Patient Advocacy Essay

Pages: 6 (2149 words)  ·  Bibliography Sources: 3  ·  File: .docx  ·  Level: College Senior  ·  Topic: Healthcare

Nursing

Patient Advocacy

Even though the use of insulin pens has become more and more common among those patients who are on insulin therapy, the use of these pens has been banned in most hospitals due to safety issues that have arisen surrounding them. These issues need to be dealt with so that these pens can once again be used in hospital settings. Insulin pens provide a host of benefits to the patients that use them along with being beneficial in cost savings to those hospitals that do use them.

The phobias that often surround the use of syringes and needles tend to complicate matters when it comes to insulin delivery. Some people associate needles with illegal drugs, while others fear the social stigma of having to inject themselves in public. Still others are afraid injections will be too painful. Even though those mistaken beliefs and fears can be dismissed, they can lead people to refuse or delay the beginning of their insulin therapy, or result in poor faithfulness once they've started. Such obstacles have prompted researchers to look into different delivery methods, including inhaled, oral or skin-patch insulin (On Pens and Needles, 2010).

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Novo Nordisk, in 1985, launched the first insulin pen. Since that time, Eli Lilly and Sanofi-Aventis have also put insulin pens on the market. All three companies are the primary manufacturers of insulin products. The pens have undergone some changes over time, mechanically, stylistically and ergonomically. Still each one functions pretty much the same. After taking the pen cap off, the first thing that needs to be done is to screw on a new pen needle, which fits into a cartridge of insulin. On the other end of the pen, a numerical dial is turned in order to the precise dosage number needed at that time. The dial can be heard clicking at each number and on most pens can be adjusted to the correct dose if you dial the wrong number (On Pens and Needles, 2010). Insulin pens make it more opportune for diabetics to inject insulin. They most often already hold the patient's prescribed insulin and allow each dose to be adjusted to the patient's requirements. They are easier to carry that insulin syringes and vials (Alert issued about use of insulin pens for hospitalized diabetic patients, 2009).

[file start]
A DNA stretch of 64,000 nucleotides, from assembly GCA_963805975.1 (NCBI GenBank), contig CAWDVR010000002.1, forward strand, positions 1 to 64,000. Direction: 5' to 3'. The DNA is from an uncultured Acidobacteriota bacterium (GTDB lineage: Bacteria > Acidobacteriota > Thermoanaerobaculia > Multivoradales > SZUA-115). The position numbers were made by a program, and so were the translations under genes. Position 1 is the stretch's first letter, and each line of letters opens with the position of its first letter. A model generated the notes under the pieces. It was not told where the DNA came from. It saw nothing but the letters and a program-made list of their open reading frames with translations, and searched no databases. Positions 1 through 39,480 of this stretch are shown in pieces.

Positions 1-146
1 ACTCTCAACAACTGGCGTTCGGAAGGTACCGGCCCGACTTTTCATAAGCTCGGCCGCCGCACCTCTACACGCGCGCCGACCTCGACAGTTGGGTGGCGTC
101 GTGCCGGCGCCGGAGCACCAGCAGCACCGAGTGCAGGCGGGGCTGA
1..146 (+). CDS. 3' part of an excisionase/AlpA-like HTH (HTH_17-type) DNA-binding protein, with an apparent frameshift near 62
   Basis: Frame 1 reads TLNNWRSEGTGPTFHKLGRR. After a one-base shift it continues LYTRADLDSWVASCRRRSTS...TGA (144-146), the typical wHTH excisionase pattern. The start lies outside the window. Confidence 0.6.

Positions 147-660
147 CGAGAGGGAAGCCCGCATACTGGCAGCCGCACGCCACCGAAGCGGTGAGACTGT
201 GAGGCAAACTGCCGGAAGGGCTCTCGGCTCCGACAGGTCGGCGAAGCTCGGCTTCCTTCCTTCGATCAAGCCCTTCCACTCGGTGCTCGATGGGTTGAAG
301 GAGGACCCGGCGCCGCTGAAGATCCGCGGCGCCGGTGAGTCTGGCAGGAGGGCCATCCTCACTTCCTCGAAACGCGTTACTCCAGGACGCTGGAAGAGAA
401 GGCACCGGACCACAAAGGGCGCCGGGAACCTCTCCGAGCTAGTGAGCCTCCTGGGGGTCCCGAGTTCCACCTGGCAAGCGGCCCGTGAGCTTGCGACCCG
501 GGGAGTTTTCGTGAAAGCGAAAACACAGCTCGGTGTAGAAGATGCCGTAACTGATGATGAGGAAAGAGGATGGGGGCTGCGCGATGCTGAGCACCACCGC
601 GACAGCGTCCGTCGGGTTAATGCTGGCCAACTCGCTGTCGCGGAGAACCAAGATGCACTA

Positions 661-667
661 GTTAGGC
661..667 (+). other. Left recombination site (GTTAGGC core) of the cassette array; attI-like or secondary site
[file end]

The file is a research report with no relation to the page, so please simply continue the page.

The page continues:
TOPIC: Essay on Patient Advocacy Assignment

For some patients who have diabetes, the need to complete self-injection can be a barrier to acceptance of insulin therapy. Other perceived barriers to insulin therapy include inconvenience and portability of the insulin delivery device. Insulin pen devices provide a delivery option that may be more acceptable and more convenient to use than traditional vials and syringes. This, in turn, may promote patient adherence, which can enhance the ability to achieve and maintain glycemic control. Studies have shown that patients do in fact prefer insulin pens to vial and syringe and believe that that pen devices are more convenient, provide greater lifestyle flexibility, clinical efficacy, and improve their quality of life. There also may be clinical benefits in using insulin pen delivery devices for patients with type 2 diabetes (Kruger, 2008).

Advances in glycemic control have been shown to greatly reduce the progression of microvascular difficulties in patients with diabetes. Faithfulness to insulin therapy is a major factor in patients achieving glycemic control. Regardless of the accessibility of insulin pens, hospitals have continued to use vials and syringes for subcutaneous injections. One reason that insulin pens have not used in many hospitals is because there was no automatic safety feature that would prevent accidental needle sticks in health care workers (Davis, Christensen, Nystrom, Foral and Destache, 2008).